In other words, with blockchain, your receiving bay gets instant notifications about any discrepancies during transit (e.g., the temperature in the truck was too high because the cooling unit broke mid-way). This enables them to identify any potential food safety incidents on an incoming shipment of meat, eggs, or produce and therefore decline the goods. If everything is fine, a smart contract can be kicked off.
Should a recall be announced, your produce manager can immediately identify beyond the shadow of a doubt whether or not all currently stocked romaine lettuce (or other traced products) is part of a contaminated/recalled shipment. If it is, you are able to identify the exact boxes or pallets and dispose of them within seconds.
4) Federal Food Safety Regulations Hold All Parties Accountable
Due to this increasing complexity, food producing and processing companies as well as retailers must be able to trace the product and its components back to the place of origin. They are also required to be able to document what happened between harvest and consumption to minimize food safety incidents.
This isn't only common sense, but is also federally mandated. For example, with the new Food Safety and Modernization Act (FSMA) passed in addition to the FSMA Preventive Control rules designed to establish food safety requirements throughout the food supply chain, all members of the supply chain are facing serious documentation challenges and are equally on the hook if something goes wrong — which only further cements the value proposition that blockchain brings.
Other countries — especially European countries, Canada, and Australia — have had similar or more stringent rules in place and continue to make them stricter as food safety concerns increase.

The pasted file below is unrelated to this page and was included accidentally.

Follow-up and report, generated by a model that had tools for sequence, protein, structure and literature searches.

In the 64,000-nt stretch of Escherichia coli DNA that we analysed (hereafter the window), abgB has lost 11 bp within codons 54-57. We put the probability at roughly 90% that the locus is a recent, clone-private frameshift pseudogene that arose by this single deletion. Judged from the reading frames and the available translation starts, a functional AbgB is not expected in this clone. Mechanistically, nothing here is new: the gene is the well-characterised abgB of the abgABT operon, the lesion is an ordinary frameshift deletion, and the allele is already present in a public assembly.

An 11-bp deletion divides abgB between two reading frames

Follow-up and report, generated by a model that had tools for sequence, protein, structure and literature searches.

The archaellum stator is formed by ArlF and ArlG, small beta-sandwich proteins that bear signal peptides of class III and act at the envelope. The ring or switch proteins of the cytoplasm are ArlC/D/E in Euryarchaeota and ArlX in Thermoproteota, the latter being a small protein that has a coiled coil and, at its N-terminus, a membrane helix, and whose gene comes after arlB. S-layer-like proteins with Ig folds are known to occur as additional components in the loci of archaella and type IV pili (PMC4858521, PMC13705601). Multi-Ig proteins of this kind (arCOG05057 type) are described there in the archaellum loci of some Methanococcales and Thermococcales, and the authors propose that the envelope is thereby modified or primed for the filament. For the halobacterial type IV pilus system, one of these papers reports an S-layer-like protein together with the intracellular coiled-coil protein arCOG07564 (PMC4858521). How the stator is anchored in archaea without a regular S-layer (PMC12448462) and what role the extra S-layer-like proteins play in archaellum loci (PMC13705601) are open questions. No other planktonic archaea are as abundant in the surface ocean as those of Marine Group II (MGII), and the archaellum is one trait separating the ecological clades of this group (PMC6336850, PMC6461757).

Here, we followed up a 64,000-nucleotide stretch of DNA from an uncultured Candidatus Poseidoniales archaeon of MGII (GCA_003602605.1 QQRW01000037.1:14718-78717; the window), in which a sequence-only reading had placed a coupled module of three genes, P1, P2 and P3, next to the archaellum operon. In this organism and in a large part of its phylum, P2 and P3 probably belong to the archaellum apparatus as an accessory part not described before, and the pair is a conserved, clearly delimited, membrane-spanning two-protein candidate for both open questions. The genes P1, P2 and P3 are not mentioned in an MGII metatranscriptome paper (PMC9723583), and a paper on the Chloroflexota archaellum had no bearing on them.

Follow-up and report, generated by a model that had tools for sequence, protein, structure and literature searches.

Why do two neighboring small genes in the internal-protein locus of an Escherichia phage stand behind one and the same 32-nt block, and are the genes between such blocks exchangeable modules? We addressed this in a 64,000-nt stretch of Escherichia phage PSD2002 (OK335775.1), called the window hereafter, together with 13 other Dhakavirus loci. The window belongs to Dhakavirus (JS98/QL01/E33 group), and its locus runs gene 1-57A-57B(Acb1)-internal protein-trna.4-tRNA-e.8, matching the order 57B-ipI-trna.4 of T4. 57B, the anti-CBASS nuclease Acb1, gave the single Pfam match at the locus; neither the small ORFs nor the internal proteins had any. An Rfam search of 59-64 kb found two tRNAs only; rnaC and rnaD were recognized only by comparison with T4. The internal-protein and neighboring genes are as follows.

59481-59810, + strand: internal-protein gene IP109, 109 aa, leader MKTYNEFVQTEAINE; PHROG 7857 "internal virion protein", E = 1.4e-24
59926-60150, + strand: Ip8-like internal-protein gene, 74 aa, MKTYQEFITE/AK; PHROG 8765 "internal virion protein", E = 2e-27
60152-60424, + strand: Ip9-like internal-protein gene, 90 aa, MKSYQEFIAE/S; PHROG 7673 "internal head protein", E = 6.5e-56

5) Consumer Demand For More Transparency
Last, but certainly not least, is the customer demand for traceability.
According to a new Nielsen study, millennials are willing to pay more for products containing environmentally-friendly or sustainable (90%) or organic / natural ingredients (86%), or products that have social responsibility claims (80%).
But since they are adept at technology, digitally engaged, and demand transparency and traceability, we are not far away from a high-end restaurant patron scanning a bar code on the menu to verify that the steak he is about to eat is, in fact, from grass-fed beef produced by Polyface Farms. Information on exactly when it was harvested, how it was transported, and more would be available as well.
Blockchain Participation: A Competitive Advantage Or A Requirement To Compete?
Many people scratched their heads last June when Walmart's CEO referred to his company as a technology company during a shareholder meeting. However, after partnering with Google and Microsoft, acquiring and investing heavily into its e-commerce platform, and investing in automation to boost operational efficiency in its thousands of stores, one can't argue that Walmart is aggressively driving its Digital Transformation agenda.
Implementing a blockchain solution and asking its suppliers to be part of it becomes a massive competitive advantage for the retailer because, as consumers' trust increases, so does the share of their wallets.
But for any supplier or supply chain partner to Walmart (or any other major player who decides to implement a similar solution), jumping on the traceability bandwagon quickly becomes a necessary condition in order to compete!
I have spent the last few days at the Meat Conference in Dallas, TX and I spoke to dozens of the largest meat producers in the US and the world. It was very validating to see how everyone "just gets it".
The value proposition is clear. The customer demand is there. The only question is this: On which side of the fence will you be? Will you be a Fast Mover to adopt this quickly and gain a sustainable competitive advantage? Or will you be a Follower who hesitates and is forced to adopt others conditions?